IT WAS not the sort of do-it-yourself activity that Castorama, a French home-improvement chain, usually promoted. The search engine on the firm’s website started offering customers puerile responses to their inquiries. Its auto-complete text function suggested such intriguing products as a “bollock hammer” or “cock sander”. It also returned offensive anti-Semitic phrases. The firm blamed manipulation by unnamed actors and had to briefly scrap its search function.
That incident, two years ago, was a reminder that much online search occurs within websites. Internet giants such as Google excel at bringing users to sites but once there customers often rely on websites’ own search functions to find products or services. Some firms build their own engines; others use open-source software, such as Elasticsearch, to supply them. The results can sometimes be painfully slow and undiscerning.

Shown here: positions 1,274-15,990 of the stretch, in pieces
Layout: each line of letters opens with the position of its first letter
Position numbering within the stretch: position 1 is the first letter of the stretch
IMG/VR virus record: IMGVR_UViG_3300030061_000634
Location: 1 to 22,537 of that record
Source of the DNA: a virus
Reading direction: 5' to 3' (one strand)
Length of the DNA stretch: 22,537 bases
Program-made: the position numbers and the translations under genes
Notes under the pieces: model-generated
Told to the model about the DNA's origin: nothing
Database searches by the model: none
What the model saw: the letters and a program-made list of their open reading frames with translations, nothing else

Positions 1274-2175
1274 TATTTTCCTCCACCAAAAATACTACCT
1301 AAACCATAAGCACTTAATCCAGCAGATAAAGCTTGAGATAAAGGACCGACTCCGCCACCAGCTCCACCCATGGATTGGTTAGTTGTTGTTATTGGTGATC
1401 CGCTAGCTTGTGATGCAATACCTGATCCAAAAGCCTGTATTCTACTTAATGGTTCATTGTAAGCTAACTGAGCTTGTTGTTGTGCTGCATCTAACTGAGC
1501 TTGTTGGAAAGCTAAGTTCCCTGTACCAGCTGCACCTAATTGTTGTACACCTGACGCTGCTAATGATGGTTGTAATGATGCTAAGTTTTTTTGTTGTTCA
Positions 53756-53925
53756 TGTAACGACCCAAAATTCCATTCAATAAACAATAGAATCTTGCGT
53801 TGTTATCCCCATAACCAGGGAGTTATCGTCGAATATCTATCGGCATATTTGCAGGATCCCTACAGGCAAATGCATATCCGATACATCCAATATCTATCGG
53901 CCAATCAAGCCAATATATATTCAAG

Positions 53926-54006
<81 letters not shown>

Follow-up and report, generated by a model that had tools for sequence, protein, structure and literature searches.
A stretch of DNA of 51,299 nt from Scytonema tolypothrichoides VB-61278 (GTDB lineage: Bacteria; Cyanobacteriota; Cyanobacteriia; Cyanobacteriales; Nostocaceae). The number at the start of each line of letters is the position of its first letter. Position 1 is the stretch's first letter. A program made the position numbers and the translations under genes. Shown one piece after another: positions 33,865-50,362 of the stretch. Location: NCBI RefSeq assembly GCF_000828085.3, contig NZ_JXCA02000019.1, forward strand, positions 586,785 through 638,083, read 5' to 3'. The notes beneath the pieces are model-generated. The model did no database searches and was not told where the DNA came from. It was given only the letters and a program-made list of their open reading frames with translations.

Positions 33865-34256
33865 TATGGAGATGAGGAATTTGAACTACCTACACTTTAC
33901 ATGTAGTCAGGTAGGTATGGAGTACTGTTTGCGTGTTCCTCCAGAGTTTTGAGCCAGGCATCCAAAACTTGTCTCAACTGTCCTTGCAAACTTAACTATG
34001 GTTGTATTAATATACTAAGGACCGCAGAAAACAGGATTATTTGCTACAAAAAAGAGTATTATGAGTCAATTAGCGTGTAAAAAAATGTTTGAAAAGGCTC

As e-commerce grows, so does demand for search systems that are fast, accurate and…Continue reading